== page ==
Taking Wayang to the World Stage
“You are in your ancestors’ land,” Tamara Fielding said to her grandson as they stepped off the plane at Yogyakarta’s Adisucipto Airport. This was the boy’s first visit to Indonesia, but to his grandmother, one of the world’s few female dalang, or Javanese puppet masters, it was a homecoming.
Fielding was born 78 years ago in Cimahi, a city more than 400 kilometers northwest of Yogyakarta. These Javanese cities are a part of Fielding — her mother was from West Java while her father was Dutch. When Fielding was a small child, her father, the owner of a rubber plantation in Garut, West Java, would organize wayang, or Javanese shadow puppets, for his workers.
“I watched those shows as a child,” Fielding recalled. “The women and children would sit in front of the screen, where they could only see the shadows — the spiritual world. The men would sit behind the screen, where they could see the actual puppets — the material world.
“But I would see it from both sides, being the daughter of the plantation owner.”
During the Japanese occupation, Fielding and female members of her family were imprisoned for more than three years in one of the concentration camps for women. After the Japanese left in 1945, a revolution took place that forced Dutch citizens and those with mixed-race parents to leave. The family fled to the Netherlands.
Even far from Indonesia, the shaking, twisting gods, goddesses, giants and beasts from the wayang shows remained etched in Fielding’s mind. While her sisters found work as a teacher and a nurse — common professions for women in Europe in those days — Fielding was brave enough to leave for France to pursue her dream in the dramatic arts. In 1956, she appeared in “Lust for Life,” starring Kirk Douglas, and “Trapeeze,” featuring Gina Lollobrigida.
Fielding eventually emigrated to the United States, where she married and settled in New York.
Her passion for Javanese puppetry resurfaced 28 years ago after an aunt brought her several old leather Javanese puppets from the Netherlands. From those early presents, Fielding’s collection has grown to more than 400 pieces.
She has created her own world of wayang at home, erecting a screen and giving each character its own distinct voice. It was just the way she remembered it from her childhood.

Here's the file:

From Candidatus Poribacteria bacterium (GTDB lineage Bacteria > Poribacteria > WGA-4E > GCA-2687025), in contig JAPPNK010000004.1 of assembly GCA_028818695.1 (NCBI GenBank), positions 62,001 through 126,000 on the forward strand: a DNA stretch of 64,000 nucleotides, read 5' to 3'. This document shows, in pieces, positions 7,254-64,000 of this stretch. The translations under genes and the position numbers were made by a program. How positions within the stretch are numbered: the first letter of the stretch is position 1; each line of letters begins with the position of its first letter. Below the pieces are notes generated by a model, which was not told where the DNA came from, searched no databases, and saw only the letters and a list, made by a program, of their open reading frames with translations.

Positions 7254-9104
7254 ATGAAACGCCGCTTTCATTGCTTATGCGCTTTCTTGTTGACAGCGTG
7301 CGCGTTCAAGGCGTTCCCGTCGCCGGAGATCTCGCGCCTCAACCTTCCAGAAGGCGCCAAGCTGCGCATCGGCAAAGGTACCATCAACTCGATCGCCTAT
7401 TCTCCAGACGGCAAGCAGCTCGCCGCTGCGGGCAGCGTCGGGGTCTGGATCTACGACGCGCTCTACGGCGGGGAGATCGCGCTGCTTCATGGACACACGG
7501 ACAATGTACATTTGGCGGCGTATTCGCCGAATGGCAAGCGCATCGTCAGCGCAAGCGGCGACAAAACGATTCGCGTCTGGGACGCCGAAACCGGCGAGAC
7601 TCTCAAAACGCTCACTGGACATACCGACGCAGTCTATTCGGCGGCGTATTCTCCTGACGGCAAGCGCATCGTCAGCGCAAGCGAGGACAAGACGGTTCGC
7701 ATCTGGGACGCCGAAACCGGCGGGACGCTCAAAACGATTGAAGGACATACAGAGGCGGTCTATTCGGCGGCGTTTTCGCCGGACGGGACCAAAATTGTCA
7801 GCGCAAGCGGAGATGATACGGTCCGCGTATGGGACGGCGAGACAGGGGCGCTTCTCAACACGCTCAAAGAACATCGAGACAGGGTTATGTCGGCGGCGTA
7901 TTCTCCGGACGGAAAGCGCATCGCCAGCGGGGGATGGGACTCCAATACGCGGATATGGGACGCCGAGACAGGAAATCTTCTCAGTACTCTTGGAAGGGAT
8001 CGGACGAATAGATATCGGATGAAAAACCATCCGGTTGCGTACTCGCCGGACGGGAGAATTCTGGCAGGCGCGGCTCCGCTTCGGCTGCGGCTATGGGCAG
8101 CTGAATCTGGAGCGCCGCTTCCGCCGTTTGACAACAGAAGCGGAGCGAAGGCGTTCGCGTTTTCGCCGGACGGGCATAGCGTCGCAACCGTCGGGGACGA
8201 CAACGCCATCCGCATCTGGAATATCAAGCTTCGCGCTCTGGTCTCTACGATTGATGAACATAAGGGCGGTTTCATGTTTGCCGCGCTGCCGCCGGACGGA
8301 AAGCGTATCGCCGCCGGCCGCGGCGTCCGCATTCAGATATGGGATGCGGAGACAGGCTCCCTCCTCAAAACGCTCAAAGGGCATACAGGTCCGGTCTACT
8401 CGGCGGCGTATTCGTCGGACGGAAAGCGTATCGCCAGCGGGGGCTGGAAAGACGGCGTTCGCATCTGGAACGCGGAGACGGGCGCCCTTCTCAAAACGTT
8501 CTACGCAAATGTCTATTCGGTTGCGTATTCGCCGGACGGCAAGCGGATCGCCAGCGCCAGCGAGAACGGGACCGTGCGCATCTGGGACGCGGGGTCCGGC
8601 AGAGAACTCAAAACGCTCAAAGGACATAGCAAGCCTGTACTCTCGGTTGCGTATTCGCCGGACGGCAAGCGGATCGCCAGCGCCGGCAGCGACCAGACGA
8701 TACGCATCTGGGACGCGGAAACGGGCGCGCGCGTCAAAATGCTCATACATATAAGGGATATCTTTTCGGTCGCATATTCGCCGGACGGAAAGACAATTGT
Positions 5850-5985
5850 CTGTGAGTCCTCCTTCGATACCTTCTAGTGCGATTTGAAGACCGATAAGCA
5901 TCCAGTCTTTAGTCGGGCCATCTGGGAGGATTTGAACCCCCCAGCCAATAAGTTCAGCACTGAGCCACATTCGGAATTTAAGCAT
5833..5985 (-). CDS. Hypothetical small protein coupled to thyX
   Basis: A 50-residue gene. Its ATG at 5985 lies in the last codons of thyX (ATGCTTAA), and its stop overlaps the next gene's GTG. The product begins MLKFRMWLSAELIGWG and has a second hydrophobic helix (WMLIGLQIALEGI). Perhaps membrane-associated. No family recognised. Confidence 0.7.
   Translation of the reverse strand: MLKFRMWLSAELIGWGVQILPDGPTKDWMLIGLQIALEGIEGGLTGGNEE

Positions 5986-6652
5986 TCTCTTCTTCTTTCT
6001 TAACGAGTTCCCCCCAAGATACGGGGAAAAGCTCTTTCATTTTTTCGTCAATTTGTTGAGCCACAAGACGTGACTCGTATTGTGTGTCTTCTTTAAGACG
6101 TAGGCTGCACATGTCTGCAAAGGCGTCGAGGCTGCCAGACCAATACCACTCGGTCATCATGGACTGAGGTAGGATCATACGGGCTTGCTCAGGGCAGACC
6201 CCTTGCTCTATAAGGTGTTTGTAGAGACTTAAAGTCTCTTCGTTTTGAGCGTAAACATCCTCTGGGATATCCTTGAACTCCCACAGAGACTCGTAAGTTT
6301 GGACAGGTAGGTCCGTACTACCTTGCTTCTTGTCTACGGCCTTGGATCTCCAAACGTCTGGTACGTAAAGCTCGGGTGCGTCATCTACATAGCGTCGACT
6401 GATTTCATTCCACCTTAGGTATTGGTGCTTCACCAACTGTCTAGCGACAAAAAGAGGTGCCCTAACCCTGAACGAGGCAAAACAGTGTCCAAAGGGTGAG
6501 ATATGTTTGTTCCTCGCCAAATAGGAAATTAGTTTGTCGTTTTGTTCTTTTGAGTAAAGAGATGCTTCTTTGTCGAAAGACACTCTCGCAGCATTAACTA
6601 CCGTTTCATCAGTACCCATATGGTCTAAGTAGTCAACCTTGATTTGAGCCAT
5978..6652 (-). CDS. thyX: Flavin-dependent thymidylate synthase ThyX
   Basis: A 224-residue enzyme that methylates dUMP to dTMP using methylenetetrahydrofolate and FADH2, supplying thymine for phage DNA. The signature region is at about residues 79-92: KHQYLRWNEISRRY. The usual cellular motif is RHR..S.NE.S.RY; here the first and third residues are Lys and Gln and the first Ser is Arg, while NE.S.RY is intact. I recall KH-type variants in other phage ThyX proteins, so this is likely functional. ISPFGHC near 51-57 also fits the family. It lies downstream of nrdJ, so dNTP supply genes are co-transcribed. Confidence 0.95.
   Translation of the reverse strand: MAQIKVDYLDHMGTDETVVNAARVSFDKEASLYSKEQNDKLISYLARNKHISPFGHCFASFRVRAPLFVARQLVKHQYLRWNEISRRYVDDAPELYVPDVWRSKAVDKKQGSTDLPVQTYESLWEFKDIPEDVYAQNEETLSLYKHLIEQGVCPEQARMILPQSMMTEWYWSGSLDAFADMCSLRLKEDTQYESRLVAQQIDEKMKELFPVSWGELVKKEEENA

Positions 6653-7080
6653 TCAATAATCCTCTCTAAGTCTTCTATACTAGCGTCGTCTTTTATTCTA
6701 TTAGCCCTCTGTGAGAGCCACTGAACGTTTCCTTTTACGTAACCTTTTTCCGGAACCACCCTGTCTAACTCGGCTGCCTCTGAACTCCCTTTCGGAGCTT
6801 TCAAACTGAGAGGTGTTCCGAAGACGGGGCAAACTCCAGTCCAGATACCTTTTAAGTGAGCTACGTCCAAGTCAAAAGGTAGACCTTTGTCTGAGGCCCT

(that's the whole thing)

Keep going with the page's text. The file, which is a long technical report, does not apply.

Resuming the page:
After receiving the precious gift from her aunt, she decided to study wayang in the Netherlands. She says that one can learn the philosophy of wayang and techniques in Java, but in the Netherlands, one can learn more about the history of the art form.
She returned to New York and founded her own wayang company, Tamara and the Shadow Theatre of Java. She became the first Indonesian-born female dalang, a title traditionally forbidden for women, and has performed all across the United States. She has brought her mastery to many schools, both public and private.
“I always start by explaining what wayang is, where it is from and the philosophy behind it — a 15-minute wayang education,” said Fielding, who prefers to perform tales from the epic Sanskrit poem Ramayana, which tells the tale of Rama trying to rescue his wife, Sita, from the demon king.
To stage a Ramayana story, she can use more than 200 puppets, each made from cow hides and horns. Her shows run less than two hours, a big cut from the traditional duration of more than eight hours.
“My favorite is always wayang kancil, [where the main character,] the mouse deer is a bit naughty but very clever,” Fielding said.
Sitting in the lush garden of a hotel in Yogyakarta, she was wearing a kebaya top and a bright purple orchid blossom was tucked behind her left ear.
“Kancil can cross a river by jumping on the back of crocodiles by outsmarting them by saying that he would later give the first crocodile one leg, the second the other leg and so on until he gets to the other side.”
Besides the United States, Fielding has been invited to perform and talk about wayang in Greece, Brazil and Indonesia. In 1999, Fielding was invited to perform at the Wayang International Festiva in Jakarta. She has also performed on eight cruise ships.
“When the [cruise ship] passengers arrive in Java, they would usually go to buy wayang, already knowing which character is which. The seller becomes surprised,” Fielding said with a laugh.
Her knowledge of wayang, especially wayang kancil, grew when she met Ki Ledjar Subroto, a dalang and a wayang maker, in Yogyakarta eight years ago. Part of Fielding’s wayang collection came from him.
The reasons she came to Yogyakarta this time were to pay Ledjar a visit, order more puppets and introduce the master to her daughter, son-in-law and two grandchildren.
Located on Jalan Mataram near Yogyakarta’s famed Jalan Malioboro, Ledjar’s tiny house was wedged in by shops and eateries. As soon as his guests arrived, Ledjar unveiled his latest puppet collection, including pieces from the contemporary puppet show of the famous Dutch figure Willem van Oranje. One of the pieces Ledjar created for the show was an ornate Dutch castle. His other works include puppet versions of Batman and several of his artist friends.
“It is amazing how he can come up with so many creative ideas,” said Fielding, holding a kancil puppet in one hand.
Fielding has proven that dreams do come true, and she is not afraid to come up with new ones. Her latest dream is to adapt “Shadow Princess” into an animated film.
“People say, ‘You shouldn’t be walking at 78,’ ” Fielding said, laughing. “But I keep performing. I’ve had a book published. I go on cruise ships, and I am still talking about wayang.”